Last Bare-Knuckle Prizefight
John L. Sullivan was devastating puncher who toured the United States offering $1,000 to anyone who could last 4 rounds in the ring with him. He had flattened 59 men in a row, most in the 1st round, none in the fourth. However, he drank a lot, so when he faced a well-conditioned fighter from Baltimore, Jake Kilrain, there was a doubt about his winning. Kilrain was not a slugger but had endurance and he was a good wrestler. Wrestling skills were useful in bare-knuckle fighting, where a fall could be almost as punishing as a knockdown blow. Sullivan was champion by popular acclaim; while Kilrain was champion by the decree of Richard K. Fox, publisher of the Police Gazette, who ignored Sullivan's claim and awarded the Gazette's championship belt to Kilrain.
On July 8, 1889 at 10 A.M. in Richburg, Mississippi, in 100-degree heat, the two faced each other in the ring. A crowd of about 3,000 had gathered. Since bare-knuckle fighting was illegal in all 38 states, most of the crowd had come by train from New Orleans.
Kilrain's fight plan was to avoid toe-to-toe slugging and to sidestep Sullivan's rushes. By the 4th round (which lasted over 15 minutes since a round ended only when a man went down), these tactics drove Sullivan into a fury. In the 7th round, as the fighters clinched, a Kilrain hook to the head and brought blood from Sullivan's ear. Referee John Fitzpatrick called "First blood, Kilrain," and money changed hands in the crowd; betting was always heavy on first blood and first knockdown.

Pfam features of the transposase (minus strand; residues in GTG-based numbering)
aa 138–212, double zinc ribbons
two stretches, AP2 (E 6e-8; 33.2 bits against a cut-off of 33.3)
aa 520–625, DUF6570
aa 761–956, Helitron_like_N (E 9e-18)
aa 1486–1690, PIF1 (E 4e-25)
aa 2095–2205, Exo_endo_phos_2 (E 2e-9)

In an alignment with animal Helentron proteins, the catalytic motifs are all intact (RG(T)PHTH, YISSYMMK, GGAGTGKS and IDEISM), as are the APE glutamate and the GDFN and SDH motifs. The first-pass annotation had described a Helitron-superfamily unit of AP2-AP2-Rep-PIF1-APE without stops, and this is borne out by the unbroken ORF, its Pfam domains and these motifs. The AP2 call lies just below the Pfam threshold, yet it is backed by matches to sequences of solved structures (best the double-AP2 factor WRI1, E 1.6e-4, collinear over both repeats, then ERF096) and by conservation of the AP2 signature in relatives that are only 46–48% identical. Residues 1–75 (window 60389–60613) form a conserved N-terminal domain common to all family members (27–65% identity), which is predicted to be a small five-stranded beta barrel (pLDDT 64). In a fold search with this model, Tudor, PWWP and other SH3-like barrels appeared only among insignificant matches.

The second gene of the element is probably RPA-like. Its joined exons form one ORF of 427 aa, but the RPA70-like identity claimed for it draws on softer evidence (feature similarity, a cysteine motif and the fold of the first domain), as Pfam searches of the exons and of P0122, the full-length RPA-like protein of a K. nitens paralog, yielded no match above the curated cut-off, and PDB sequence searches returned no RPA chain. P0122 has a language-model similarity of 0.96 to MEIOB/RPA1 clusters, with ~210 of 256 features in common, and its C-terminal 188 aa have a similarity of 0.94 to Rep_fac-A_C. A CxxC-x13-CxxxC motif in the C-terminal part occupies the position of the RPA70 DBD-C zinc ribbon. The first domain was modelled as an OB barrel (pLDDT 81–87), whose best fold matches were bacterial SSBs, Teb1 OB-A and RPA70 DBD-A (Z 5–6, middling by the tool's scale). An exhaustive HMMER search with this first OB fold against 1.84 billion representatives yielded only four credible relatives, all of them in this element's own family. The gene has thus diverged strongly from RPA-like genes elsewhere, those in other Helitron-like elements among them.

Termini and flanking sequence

In the 8th round, Sullivan scored the first clean knockdown. The blood soaked fighters fought on, until 30th round when Sullivan seemed to be gaining an edge. Kilrain was tiring and Sullivan was now scoring all the knockdowns and most of the falls. Finally, in the 75th round, after 2 hours and 16 minutes, on a doctor's recommendation, Kilrain's corner tossed in the sponge and the fight was over.
Soon after this fight, bare-knuckle rules were replaced by the modern Queensberry rules and gloves were used in prizefights. Three years later, Sullivan lost his crown to Jim Corbett in a glove fight. Kilrain lived to be a pallbearer at Sullivan's funeral in 1918 and did not die until 1937 when he was 78.
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